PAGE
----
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I have a feeling its not possible; but is there a way to set a read timeout on an anonymous pipe in Python / C on Linux?

Are there better options than setting and trapping a SIGALRM?

>>> import os
>>> output, input = os.pipe()
>>> outputfd = os.fdopen(output, 'r')
>>> dir(outputfd)
['__class__', '__delattr__', '__doc__', '__enter__', '__exit__', '__format__', '__getattribute__', '__hash__', '__init__', '__iter__', '__new__', '__reduce__', '__reduce_ex__', '__repr__', '__setattr__', '__sizeof__', '__str__', '__subclasshook__', 'close', 'closed', 'encoding', 'errors', 'fileno', 'flush', 'isatty', 'mode', 'name', 'newlines', 'next', 'read', 'readinto', 'readline', 'readlines', 'seek', 'softspace', 'tell', 'truncate', 'write', 'writelines', 'xreadlines']
>>> 

(no settimeout() method)

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2 Answers 2

up vote 4 down vote accepted

You should try using the select module, which does allow you to provide a timeout. Add the file object to the select set, and then examine the return object to see if it's changed:

r, w, x = select.select([output], [], [], timeout)

Then examine r to see if the object is readable. This can be extended to as many objects you want to monitor. If the object is in r, then do a read: output.read().

Also, you may wish to use os.read, rather than fdopen, as it will not be subject to the whims of Python's file buffering.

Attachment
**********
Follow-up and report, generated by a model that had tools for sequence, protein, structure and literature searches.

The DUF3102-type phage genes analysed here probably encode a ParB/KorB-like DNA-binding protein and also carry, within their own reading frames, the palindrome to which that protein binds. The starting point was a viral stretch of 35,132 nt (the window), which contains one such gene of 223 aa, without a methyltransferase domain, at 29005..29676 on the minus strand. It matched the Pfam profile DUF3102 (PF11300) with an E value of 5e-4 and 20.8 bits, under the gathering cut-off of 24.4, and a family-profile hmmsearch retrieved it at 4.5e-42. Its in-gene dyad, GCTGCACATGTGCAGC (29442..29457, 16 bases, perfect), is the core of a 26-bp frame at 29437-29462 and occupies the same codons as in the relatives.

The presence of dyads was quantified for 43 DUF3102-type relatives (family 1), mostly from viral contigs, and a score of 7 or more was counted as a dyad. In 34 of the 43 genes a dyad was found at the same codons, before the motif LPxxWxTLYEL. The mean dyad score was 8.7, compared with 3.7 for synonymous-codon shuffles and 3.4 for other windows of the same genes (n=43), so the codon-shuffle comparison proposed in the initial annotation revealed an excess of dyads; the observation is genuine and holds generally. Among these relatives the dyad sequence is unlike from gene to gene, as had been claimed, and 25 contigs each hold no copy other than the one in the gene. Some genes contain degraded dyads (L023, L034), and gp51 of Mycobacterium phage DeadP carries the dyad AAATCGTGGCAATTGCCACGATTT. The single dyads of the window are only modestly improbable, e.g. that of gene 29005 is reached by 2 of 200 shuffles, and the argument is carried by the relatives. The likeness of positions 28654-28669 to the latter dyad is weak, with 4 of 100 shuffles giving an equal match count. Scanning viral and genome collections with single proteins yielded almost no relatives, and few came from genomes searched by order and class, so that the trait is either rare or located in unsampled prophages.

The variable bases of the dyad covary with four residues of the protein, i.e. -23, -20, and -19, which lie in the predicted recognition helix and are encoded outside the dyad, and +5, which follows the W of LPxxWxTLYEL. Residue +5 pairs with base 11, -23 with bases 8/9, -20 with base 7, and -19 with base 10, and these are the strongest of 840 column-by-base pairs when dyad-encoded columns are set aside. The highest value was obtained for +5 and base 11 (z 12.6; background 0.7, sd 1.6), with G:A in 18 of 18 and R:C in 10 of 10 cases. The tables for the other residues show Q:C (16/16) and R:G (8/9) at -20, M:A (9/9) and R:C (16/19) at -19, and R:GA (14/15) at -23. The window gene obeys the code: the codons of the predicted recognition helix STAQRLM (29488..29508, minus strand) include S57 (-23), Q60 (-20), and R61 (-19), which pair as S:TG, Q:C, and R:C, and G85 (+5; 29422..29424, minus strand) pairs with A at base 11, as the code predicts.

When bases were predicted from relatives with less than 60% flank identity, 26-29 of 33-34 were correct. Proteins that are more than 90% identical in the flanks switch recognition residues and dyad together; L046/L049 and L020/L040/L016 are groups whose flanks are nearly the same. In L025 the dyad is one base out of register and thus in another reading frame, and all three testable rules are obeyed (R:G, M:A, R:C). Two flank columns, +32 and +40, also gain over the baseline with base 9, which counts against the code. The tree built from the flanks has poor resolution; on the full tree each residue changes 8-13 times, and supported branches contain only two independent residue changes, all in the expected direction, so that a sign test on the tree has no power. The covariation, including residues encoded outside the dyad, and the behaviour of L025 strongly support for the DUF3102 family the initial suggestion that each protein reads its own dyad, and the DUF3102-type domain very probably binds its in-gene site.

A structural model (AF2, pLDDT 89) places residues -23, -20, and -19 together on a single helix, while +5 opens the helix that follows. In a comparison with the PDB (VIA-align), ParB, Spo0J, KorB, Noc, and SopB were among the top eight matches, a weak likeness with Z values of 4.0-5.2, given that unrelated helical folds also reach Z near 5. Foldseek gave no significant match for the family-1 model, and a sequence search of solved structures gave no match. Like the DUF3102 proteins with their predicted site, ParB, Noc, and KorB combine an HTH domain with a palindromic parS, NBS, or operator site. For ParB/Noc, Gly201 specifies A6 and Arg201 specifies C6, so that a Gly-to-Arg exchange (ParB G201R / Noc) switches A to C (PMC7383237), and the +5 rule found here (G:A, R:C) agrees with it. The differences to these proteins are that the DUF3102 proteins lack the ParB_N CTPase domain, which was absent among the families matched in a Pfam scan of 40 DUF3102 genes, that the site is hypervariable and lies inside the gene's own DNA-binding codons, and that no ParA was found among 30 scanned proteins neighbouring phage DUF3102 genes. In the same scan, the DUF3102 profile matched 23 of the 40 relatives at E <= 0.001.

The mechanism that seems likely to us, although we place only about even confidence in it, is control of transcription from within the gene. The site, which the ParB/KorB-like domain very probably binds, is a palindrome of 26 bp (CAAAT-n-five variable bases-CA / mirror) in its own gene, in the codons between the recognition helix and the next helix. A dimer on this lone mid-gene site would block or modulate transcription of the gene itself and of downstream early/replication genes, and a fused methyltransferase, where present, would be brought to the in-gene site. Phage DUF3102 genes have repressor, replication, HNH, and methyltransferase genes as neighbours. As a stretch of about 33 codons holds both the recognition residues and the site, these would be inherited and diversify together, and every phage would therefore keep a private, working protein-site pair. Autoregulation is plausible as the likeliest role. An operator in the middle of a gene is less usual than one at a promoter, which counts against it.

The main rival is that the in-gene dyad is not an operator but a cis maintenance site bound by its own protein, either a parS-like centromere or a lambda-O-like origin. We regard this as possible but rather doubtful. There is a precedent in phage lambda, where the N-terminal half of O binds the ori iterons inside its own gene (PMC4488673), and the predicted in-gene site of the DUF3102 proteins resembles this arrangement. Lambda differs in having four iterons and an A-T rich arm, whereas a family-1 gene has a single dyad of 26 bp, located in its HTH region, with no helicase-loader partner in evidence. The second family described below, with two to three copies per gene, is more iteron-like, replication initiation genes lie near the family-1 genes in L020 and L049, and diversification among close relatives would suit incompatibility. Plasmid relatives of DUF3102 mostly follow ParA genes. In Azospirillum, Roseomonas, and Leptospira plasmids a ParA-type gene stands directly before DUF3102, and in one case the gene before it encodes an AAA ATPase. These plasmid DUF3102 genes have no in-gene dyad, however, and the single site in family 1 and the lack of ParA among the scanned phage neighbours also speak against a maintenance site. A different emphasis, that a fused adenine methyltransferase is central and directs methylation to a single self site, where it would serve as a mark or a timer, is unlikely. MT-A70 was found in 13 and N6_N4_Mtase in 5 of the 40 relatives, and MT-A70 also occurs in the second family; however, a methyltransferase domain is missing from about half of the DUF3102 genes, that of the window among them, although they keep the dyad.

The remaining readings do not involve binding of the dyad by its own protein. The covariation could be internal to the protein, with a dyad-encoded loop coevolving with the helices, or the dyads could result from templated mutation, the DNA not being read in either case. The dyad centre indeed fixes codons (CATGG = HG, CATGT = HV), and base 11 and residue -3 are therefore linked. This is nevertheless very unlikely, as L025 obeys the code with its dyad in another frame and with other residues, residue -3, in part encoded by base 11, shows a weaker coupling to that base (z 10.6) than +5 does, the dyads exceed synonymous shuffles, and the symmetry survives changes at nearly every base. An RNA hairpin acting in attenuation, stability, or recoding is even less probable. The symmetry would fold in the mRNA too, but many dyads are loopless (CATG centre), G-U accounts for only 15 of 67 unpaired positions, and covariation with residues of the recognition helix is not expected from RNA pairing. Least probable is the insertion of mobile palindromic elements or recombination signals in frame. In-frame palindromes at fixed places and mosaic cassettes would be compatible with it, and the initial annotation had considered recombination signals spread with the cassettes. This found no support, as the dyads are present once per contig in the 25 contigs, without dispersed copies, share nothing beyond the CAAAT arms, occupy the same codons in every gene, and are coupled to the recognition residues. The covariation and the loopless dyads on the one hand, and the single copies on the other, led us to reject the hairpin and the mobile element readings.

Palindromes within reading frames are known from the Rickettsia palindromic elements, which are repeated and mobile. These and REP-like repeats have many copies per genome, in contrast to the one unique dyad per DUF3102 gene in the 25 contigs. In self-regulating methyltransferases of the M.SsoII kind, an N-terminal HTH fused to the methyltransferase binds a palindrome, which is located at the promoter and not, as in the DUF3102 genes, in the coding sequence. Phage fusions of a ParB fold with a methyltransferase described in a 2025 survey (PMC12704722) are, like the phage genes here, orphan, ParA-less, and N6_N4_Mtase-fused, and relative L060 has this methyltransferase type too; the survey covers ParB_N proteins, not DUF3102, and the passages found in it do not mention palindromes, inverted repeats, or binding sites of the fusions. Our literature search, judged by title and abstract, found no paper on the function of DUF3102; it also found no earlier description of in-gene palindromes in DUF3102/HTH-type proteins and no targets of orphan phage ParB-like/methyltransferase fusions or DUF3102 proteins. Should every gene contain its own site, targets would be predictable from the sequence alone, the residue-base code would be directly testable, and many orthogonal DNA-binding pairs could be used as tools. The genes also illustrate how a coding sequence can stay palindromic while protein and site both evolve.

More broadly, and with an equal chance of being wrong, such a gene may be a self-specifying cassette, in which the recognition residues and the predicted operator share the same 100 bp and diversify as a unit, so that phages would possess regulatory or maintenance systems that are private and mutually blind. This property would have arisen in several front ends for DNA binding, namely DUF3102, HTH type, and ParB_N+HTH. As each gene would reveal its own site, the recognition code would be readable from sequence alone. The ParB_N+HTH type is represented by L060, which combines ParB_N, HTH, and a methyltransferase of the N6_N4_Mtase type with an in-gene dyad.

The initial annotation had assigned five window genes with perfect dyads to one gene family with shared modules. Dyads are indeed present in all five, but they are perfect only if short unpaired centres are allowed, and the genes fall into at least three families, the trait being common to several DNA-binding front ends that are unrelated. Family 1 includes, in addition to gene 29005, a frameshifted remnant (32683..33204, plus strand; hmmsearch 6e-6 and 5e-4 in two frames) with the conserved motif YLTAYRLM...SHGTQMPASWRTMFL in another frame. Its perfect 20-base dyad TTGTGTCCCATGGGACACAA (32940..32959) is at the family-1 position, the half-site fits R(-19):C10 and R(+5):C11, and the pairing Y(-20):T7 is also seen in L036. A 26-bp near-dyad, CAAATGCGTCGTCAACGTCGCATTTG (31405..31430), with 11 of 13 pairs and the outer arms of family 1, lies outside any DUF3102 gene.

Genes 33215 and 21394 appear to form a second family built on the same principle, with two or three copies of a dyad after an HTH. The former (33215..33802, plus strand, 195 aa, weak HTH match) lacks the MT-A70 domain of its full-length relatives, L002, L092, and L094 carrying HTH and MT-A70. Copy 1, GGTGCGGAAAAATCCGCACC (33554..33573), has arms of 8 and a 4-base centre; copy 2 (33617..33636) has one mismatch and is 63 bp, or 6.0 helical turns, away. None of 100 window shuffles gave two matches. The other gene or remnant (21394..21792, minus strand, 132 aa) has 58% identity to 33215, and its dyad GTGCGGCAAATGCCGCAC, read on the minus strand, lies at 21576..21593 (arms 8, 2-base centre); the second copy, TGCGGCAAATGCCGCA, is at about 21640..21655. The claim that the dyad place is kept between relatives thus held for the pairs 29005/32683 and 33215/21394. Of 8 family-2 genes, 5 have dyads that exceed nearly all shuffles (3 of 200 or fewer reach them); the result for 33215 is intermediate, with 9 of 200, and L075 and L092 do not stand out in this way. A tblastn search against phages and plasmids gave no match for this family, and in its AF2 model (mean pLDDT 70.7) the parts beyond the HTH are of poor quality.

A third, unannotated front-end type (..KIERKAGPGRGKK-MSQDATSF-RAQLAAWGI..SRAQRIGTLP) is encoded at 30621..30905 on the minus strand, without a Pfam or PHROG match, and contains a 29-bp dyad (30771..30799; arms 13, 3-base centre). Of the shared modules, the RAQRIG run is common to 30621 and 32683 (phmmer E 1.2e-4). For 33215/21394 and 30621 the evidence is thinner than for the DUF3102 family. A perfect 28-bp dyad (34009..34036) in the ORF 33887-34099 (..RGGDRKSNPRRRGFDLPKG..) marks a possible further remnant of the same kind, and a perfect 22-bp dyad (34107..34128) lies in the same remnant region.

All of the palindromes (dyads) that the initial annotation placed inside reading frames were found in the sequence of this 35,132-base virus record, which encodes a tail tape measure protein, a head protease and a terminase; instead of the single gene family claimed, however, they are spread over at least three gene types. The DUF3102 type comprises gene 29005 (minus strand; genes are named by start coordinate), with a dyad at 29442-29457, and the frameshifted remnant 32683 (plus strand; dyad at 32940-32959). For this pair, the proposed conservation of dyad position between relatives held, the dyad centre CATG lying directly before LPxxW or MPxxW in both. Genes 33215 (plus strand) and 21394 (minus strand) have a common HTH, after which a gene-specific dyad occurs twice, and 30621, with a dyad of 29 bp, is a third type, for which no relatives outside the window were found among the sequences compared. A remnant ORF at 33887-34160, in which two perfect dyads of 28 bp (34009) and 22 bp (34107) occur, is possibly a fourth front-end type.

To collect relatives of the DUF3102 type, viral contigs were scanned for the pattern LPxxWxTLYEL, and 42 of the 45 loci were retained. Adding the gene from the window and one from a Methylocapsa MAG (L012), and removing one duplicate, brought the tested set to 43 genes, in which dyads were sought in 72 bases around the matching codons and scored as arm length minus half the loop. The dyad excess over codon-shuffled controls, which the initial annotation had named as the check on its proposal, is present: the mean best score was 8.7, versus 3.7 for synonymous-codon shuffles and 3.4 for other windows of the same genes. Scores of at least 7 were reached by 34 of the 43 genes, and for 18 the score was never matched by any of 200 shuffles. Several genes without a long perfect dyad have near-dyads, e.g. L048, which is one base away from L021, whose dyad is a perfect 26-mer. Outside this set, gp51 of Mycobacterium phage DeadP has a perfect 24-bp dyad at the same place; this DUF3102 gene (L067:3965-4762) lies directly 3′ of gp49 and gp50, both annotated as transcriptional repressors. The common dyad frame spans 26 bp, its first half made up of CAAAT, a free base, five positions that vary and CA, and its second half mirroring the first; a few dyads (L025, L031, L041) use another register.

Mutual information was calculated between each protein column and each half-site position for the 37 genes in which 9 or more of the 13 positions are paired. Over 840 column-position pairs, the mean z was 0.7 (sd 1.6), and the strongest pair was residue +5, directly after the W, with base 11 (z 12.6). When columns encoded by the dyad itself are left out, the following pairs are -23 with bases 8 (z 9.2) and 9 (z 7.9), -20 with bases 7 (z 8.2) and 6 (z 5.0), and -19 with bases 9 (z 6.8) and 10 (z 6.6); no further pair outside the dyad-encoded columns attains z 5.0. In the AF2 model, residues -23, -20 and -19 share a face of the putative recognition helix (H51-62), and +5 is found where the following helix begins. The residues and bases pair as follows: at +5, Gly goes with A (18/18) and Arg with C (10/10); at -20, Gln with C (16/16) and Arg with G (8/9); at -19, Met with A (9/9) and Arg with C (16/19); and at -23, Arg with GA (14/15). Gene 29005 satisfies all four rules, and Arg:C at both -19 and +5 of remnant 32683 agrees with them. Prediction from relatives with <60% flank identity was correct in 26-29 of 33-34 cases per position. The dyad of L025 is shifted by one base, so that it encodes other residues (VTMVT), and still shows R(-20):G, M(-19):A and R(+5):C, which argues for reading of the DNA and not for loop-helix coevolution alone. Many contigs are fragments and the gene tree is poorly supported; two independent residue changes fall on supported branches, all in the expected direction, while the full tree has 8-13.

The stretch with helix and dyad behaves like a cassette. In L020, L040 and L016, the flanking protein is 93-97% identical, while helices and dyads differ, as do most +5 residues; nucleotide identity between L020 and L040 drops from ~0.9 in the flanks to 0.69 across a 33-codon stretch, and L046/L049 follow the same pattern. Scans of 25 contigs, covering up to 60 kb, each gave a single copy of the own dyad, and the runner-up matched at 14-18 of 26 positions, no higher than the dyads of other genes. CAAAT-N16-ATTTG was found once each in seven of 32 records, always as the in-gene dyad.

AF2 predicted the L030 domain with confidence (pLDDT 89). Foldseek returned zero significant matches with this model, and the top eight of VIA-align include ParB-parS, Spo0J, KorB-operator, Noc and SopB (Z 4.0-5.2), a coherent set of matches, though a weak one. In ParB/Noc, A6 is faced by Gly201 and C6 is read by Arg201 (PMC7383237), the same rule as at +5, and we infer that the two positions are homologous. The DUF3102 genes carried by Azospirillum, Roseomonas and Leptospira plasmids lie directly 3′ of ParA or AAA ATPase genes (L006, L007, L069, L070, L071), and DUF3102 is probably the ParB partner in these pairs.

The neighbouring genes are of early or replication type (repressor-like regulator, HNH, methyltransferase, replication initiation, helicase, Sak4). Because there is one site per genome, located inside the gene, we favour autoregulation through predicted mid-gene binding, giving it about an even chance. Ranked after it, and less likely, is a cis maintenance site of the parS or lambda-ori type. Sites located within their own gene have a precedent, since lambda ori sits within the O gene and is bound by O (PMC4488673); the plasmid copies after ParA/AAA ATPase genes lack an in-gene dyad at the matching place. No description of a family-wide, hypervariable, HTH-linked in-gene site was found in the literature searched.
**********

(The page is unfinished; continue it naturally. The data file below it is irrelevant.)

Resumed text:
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Maybe I'm missing something simple, but select will tell me when there was activity (something i was planning on using)- but will not help me figure out how much data is in the pipe. So a read() without the right size will just wait until EOF. I was hoping with a way to create a timeout, I could not block forever if I read more bytes than in the pipe. Anyone know how the multiprocess and subprocess modules manage it without digging into the code? (a likely helpful adventure) –  tMC Jul 30 '12 at 20:33
    
read() will return the current amount of data in the pipe. It will not block until the buffer is full, unless you call it again. –  Max Jul 30 '12 at 20:35
    
Oh. You should probably use os.read() on the pipe, rather than doing an fdopen on it. Treating it as a file object makes you subject to the whims of Pythons buffering. –  Max Jul 30 '12 at 20:38
    
unfortunately, it won't return everything in the buffer. I've tried and the help page says as much read([size]) -> read at most size bytes, returned as a string. If the size argument is negative or omitted, read until EOF is reached. Notice that when in non-blocking mode, less data than what was requested may be returned, even if no size parameter was given. –  tMC Jul 30 '12 at 20:38
    
ah! the os.read() helps! Thanks (create an answer to that effect so I can select it- even though it doesn't answer the question asked :p ) –  tMC Jul 30 '12 at 20:41

This isn't a direct setting, but you could use select on the file descriptor to wait for input. It's a built-in module, and supports all file descriptors on Unix, but only sockets on OpenVMS and Windows (from the pydoc page on select).

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